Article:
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Panel Investigates Judge in Manhandling of Lawyer : Inquiry: Judge Raymond D. Mireles asked two officers to “bring me a piece” of a public defender.

TIMES STAFF WRITER

A Van Nuys Superior Court judge is under investigation by the state Commission on Judicial Performance for giving an order which resulted in two police officers dragging a deputy public defender from another judge’s courtroom.

The commission Friday announced an investigation of Judge Raymond D. Mireles, 46, for a Nov. 6 incident in which Mireles asked two Los Angeles police officers appearing as witnesses in a drug case to bring Deputy Public Defender Howard C. Waco into his courtroom.

Witnesses said Mireles jokingly added the officers should “bring me a piece” or “body part” of Waco, the attorney for a defendant in Mireles’ court.

As shocked courtroom personnel and spectators looked on, the officers burst into the other courtroom, grabbed Waco as he waited to make an appearance, dragged him down a hall and pushed him through the door of Mireles’ courtroom, bruising Waco’s leg.

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Commission officials declined to provide details of the investigation or what prompted it.

But Waco and the public defender’s office had filed a complaint with the commission shortly after the incident. Waco said Friday that the commission “took heed of my letter and the letters from the private bar on my behalf, to see that justice is done.”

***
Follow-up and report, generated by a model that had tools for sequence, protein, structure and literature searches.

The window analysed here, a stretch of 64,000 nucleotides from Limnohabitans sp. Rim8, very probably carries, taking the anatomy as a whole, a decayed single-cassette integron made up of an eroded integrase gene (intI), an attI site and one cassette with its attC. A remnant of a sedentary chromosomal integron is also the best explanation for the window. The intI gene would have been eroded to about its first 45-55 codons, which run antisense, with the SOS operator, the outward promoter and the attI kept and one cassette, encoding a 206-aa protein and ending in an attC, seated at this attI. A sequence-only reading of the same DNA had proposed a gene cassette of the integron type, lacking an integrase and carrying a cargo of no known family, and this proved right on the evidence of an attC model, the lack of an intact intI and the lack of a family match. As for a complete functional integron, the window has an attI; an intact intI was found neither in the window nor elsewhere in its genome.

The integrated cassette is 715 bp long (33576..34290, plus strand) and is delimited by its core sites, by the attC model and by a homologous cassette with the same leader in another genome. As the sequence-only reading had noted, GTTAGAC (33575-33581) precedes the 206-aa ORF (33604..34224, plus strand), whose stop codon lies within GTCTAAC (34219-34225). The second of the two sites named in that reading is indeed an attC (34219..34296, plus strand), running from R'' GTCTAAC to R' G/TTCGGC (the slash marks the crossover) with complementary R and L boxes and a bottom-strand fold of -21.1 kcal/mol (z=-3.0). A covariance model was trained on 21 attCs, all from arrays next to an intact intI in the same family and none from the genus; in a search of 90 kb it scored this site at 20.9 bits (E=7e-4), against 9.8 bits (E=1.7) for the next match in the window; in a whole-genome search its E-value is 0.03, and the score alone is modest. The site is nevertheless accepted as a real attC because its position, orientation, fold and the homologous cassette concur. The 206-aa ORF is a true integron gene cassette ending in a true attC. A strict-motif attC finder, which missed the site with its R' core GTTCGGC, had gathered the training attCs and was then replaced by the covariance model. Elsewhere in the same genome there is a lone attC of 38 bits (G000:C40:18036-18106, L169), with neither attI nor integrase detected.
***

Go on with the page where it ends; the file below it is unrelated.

The commission--composed of five judges, two lawyers and two laymen--can privately admonish a judge for misconduct or publicly reprove him with his permission, said Cynthia Dorfman, the commission’s associate counsel.

More serious breaches of conduct are referred to the state Supreme Court with recommendations that a judge be publicly censured or removed, she said.

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At a hearing shortly after the incident, the officers apologized to the judge from whose courtroom Waco was yanked, and that judge decided not to pursue contempt-of-court proceedings against them. The Police Department said that henceforth it will turn over such tasks to the bailiffs who are assigned to each court.

Waco filed a civil rights suit against Mireles and the officers, but a federal judge ruled that Mireles had legal immunity for his actions.

Despite Mireles’ insistence that he did not mean his remarks to be taken literally, the public defender’s office launched a campaign to force Mireles’ reassignment by declaring that its lawyers would no longer appear before him.

Judicial officials declined to transfer Mireles, but took the unusual step of reassigning 107 cases in Mireles’ courtroom to other judges and assigning Mireles only cases in which no public defenders were involved.

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Mireles could not be reached for comment.


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